In Charles Booth's ‘Survey into Life and Labour in London’ (1886-1903) he wrote in his section on Bermondsey: ‘there lives a very poor population. I know no set of people in London who look quite so poor... I know no district of equal extent so depressing to the spirit’. In the Victorian and Edwardian era, Bermondsey was characterised largely by its docks on the Thames. The poorly paid labour force for the local industrial works, producing and receiving goods was unable to afford homes in or travel from the richer suburbs so lived locally often in one of the numerous local slums.
Reports made by Victorian, socially concerned writers and researchers brought the public’s attention to the poverty present in London’s East End. Well educated, religiously minded missionaries came to Bermondsey and made settlements amongst the poor, recruiting local people, in particular boys and young men, in an effort to instil in them the values and virtues they believed would equip the poverty-stricken to escape their plight. One such mission was the ‘Oxford and Bermondsey Mission’ founded by John Stansfeld in a building on Abbey Street where the Neckinger Estate and this exhibition is situated. ‘Fratres’ was the motto adopted by John Stansfeld, representative of his frequently used phrase ‘We are all brothers’.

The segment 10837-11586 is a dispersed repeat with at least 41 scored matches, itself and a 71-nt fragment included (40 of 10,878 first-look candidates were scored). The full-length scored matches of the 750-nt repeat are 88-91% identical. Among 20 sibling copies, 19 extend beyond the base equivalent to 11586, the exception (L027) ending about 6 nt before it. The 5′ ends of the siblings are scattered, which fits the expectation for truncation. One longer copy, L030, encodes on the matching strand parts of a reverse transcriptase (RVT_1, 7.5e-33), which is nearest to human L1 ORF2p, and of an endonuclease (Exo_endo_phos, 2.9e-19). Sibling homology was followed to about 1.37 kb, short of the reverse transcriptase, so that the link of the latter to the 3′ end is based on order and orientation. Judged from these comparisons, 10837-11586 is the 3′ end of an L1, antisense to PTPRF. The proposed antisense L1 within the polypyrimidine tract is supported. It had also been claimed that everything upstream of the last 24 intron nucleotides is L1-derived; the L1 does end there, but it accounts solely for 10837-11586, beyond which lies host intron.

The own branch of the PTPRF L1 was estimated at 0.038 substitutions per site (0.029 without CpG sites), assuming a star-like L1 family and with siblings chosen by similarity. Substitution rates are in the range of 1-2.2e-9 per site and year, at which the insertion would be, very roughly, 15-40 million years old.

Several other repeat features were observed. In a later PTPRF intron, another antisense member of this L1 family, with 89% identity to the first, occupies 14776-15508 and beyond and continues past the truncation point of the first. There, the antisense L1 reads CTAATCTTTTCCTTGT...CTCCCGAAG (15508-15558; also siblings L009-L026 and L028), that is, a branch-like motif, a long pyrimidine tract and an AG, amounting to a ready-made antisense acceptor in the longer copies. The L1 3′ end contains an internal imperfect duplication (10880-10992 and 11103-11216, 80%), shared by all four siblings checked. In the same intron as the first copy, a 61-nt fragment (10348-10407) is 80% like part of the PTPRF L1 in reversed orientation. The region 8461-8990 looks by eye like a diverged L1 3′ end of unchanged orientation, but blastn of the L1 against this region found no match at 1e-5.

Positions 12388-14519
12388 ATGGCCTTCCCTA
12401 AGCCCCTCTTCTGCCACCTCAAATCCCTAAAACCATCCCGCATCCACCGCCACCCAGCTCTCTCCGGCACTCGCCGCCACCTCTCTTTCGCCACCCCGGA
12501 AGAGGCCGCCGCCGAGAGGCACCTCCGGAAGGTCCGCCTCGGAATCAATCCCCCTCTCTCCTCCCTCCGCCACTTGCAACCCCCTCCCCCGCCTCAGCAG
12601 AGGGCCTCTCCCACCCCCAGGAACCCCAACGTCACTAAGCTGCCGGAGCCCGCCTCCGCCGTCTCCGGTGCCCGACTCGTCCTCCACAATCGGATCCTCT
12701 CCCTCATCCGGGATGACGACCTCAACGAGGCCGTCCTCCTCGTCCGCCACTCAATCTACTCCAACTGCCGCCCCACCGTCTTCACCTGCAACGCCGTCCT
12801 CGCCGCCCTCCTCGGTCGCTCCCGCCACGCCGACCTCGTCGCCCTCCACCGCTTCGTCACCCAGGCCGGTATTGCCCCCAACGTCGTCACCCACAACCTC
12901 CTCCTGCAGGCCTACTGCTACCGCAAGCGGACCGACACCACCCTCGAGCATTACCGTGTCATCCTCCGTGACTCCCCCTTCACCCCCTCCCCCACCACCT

The display in the flat will comprise of a selection of watercolour paintings made from images drawn from archives relating to the Oxford and Bermondsey Mission picturing members of the boys’ club. Other material will draw attention to the current character of Bermondsey. The flat where the display is shown will appear as it would normally in its domestic use.
The objective of this open house is to offer, in a playful and not especially direct way, an opportunity to investigate social aspects of the area’s history and to look at how the ideas that defined Victorian and Edwardian social activism may be interpreted in Bermondsey today. The method of display will draw from strategies employed commonly by authorities to communicate with the public combined with traditional artistic methods. The past will merge with the present.